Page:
Are essential oils safe for your cat?

Cat Faeries gets about 30 emails a week asking if we carry essential oils, and if we don’t, they want to know why. We also hear from people who have essential oils confused with flower essences, which are what Cat Faeries specializes in and are two very different things. And these are great questions! One is a volatile plant oil, and the other is purely vibrational, the vibration of a plant or flower, not actual plant material.

In 1982 Auntie Cat Faerie got her first certification as an aromatherapist and believe me when I tell you, in 1982 NO ONE knew what on earth that was, the word actually scared them! Auntie Cat Faerie went on to get 4 more certifications during the 1980’s. (just a little obsessed are we?!) But by the early 1990’s the term aromatherapy was being misused and overused so she got out of that field not wanting to be associated with a modality that had corporations who make those toxic “air fresheners” but began to call them aromatherapy, or with people who had zero training or background who got involved in multi level marketing selling essential oils to friends and co-workers. Also, aromatherapy was never a good term for essential oil usage as the smell is only one part of the benefits of this healing modality – Essential Oil Therapy would have been better. Anyway, the oils penetrate skin, enter the blood stream, and can affect all vital organs, therefore on must be highly trained to recommend or administer them. And understand the species they wish to work with.

Sir Issac Newton our “feline editor at-large” wanted to give our readers the scoop on essential oils and their use for cats. Before you pounce on that story I’m going to tell you about a use for one essential oil, oregano oil, which will prove how effective the oils can be – as well as – how strong these volatile compounds are.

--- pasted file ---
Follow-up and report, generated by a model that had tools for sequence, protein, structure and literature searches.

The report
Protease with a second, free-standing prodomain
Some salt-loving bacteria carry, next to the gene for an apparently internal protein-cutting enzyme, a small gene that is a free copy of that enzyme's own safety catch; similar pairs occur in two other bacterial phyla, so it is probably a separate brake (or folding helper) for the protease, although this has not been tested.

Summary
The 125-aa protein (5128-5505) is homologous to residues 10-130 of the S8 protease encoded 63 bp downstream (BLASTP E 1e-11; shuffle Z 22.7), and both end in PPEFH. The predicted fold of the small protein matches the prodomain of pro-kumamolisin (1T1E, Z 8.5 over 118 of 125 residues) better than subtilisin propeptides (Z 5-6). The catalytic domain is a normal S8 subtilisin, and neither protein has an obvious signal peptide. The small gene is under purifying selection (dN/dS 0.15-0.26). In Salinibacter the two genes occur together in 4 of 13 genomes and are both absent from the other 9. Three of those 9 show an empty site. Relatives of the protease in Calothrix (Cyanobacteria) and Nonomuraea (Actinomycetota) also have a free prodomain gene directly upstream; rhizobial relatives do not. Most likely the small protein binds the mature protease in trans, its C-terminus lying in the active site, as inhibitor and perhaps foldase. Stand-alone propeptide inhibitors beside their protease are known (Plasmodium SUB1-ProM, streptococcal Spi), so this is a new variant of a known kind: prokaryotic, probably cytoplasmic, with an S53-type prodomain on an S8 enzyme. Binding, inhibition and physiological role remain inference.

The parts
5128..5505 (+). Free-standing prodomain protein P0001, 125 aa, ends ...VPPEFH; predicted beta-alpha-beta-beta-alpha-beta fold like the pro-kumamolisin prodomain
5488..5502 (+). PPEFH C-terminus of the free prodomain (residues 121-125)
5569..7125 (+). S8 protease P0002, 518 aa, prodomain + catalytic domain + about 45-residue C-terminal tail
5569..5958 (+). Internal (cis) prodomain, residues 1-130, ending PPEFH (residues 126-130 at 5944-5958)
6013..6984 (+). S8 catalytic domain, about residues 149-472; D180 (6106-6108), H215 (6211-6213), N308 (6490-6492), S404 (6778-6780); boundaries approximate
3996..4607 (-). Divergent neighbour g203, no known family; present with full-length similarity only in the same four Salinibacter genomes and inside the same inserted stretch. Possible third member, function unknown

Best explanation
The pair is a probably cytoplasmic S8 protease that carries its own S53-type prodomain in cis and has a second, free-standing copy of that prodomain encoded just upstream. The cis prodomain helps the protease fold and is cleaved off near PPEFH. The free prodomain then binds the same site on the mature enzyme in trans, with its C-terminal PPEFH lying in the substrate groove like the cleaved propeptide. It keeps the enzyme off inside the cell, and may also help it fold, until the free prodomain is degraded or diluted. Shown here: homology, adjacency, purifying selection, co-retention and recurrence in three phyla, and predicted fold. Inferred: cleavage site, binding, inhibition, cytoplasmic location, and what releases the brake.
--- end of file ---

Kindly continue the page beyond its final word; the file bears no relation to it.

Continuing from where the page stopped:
You’ve heard about “oil pulling” with coconut oil? If not, you would take a spoonful of coconut oil, and add ONE drop of oregano oil to it, put it in your mouth and swish for 15 to 20 minutes, first thing in the morning, before eating or drinking anything, to remove toxins and freshen the mouth. Yes, 15 or 20 minutes seems like an eternity to swish something in your mouth so to distract myself I feed the cats and check email – the time flies. When the time is up spit it out in the trash (not the sink) and rinse with water or use a dedicated toothbrush. My dentist is blown away by my progress because I had a history of gum disease which is 100% resolved from the swishing. I try to swish again before bed, after flossing, and interestingly the two oils always seem to find and dislodge a particle or two that I missed flossing! Now this is where essential oil therapy comes into play and its truly fascinating – the added oregano oil is so potent that it literally has kept me from accumulating any tartar. As you know tartar is so rock hard at the gum line or clinging to teeth needs to be chiseled off by a dentist. Well, if oil swishing with one drop of oregano oil has keep Auntie Cat Faerie tartar-free (truly, my mouth is a tartar producing factory) you can imagine what too much could do if ingested by a person and small animal like a cat. The best of the holistic veterinarians we know, like Cheryl Schwartz, says NO to essential oils for cats. Many cats have died or ended up in the Kitty ER from essential oils.

As a side note, our Catnip Meow Mist is a hydrosol which is the watery run off during the process of making essential oils. Catnip doesn’t yield much in the way of essential oil (don’t trust anyone who says that it does, it will be fake if they are selling it) but it makes a divine hydrosol and it’s perfectly safe for a cat, baby, or any being to come in contact with. Can this be said about other hydrosols? Maybe yes, maybe no – it would depend upon the plant used.